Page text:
Victor Marie Hugo
26 February 1802 – 22 May 1885) was a French poet, novelist, and dramatist of the Romantic movement. He is considered to be one of the greatest and best-known French writers of all time. Outside of France, his best-known works are the novels Les Misérables, 1862, and The Hunchback of Notre-Dame 1831. In France, Hugo is known primarily for his poetry collections, such as Les Contemplations and La Légende des siècles (The Legend of the Ages).
Hugo was at the forefront of the romantic literary movement with his plays Cromwell and Hernani. Many of his works have inspired music, both during his lifetime and after his death, including the musicals Notre-Dame de Paris and Les Misérables. He produced more than 4,000 drawings in his lifetime, and campaigned for social causes such as the abolition of capital punishment.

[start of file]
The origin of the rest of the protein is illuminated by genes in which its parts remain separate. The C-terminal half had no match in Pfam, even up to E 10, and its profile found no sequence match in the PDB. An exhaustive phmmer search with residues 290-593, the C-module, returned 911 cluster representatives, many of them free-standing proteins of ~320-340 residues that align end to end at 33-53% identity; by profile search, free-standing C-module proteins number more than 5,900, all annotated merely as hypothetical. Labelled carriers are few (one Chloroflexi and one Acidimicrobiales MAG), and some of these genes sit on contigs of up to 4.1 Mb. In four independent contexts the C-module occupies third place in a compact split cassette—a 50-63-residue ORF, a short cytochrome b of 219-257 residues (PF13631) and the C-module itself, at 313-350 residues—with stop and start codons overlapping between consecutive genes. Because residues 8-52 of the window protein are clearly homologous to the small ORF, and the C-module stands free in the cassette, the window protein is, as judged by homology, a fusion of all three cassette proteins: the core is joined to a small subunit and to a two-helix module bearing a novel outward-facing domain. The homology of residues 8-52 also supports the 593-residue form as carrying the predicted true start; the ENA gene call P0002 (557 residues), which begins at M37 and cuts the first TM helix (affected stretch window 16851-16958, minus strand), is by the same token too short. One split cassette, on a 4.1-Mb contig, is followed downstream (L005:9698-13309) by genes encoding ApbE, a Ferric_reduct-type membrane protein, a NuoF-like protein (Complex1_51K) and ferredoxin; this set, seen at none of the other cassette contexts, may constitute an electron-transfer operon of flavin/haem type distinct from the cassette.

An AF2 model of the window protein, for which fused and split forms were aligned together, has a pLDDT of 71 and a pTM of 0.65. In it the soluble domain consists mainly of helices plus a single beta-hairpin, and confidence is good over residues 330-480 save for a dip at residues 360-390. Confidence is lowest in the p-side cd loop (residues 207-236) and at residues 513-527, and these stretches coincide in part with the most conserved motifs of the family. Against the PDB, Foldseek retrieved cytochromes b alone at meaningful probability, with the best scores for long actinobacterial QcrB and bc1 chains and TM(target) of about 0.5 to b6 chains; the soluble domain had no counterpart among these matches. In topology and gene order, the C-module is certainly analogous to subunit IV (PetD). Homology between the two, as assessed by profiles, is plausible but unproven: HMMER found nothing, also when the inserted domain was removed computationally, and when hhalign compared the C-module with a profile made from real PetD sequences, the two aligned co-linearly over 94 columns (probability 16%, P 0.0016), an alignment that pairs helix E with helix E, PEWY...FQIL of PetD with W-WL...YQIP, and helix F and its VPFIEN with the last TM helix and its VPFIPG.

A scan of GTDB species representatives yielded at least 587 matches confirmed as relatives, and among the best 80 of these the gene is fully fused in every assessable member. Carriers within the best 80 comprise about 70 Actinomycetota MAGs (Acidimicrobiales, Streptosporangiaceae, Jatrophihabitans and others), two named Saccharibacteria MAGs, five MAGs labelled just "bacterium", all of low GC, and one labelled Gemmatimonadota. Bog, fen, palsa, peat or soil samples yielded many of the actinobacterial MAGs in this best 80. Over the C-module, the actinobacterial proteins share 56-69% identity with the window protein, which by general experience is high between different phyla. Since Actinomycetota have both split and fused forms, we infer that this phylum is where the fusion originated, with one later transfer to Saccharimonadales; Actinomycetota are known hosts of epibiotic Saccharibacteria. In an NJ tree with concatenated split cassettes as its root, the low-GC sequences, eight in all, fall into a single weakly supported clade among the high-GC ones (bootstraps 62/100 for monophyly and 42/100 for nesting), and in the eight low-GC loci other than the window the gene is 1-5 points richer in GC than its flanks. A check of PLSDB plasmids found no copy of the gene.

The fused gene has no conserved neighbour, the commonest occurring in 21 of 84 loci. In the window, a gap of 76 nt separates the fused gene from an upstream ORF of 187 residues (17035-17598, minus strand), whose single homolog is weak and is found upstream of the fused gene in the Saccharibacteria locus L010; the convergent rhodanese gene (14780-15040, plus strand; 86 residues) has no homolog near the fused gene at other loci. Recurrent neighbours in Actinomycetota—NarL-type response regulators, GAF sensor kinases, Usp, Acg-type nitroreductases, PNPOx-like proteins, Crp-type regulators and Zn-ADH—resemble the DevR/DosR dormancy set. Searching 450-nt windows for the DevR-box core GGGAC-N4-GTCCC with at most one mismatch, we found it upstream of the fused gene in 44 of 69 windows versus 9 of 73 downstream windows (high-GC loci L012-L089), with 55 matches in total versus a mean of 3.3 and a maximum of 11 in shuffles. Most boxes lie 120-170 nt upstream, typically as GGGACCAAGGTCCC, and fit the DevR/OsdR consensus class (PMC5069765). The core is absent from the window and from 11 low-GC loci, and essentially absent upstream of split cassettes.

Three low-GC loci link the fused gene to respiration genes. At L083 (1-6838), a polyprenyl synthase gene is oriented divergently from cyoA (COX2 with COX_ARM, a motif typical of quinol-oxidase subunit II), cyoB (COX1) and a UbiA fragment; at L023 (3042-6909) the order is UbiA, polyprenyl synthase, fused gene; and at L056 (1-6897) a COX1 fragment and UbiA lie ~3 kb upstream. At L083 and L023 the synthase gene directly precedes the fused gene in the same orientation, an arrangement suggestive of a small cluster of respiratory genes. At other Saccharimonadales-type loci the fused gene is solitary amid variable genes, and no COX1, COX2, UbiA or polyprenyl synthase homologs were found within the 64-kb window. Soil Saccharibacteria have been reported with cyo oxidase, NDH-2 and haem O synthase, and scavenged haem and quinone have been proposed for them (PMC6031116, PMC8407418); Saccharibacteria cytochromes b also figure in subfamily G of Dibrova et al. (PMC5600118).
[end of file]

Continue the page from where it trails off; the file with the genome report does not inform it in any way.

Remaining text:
Though a committed royalist when he was young, Hugo's views changed as the decades passed, and he became a passionate supporter of republicanism; his work touches upon most of the political and social issues and the artistic trends of his time. He is buried in the Panthéon in Paris. His legacy has been honoured in many ways, including his portrait being placed on French currency.
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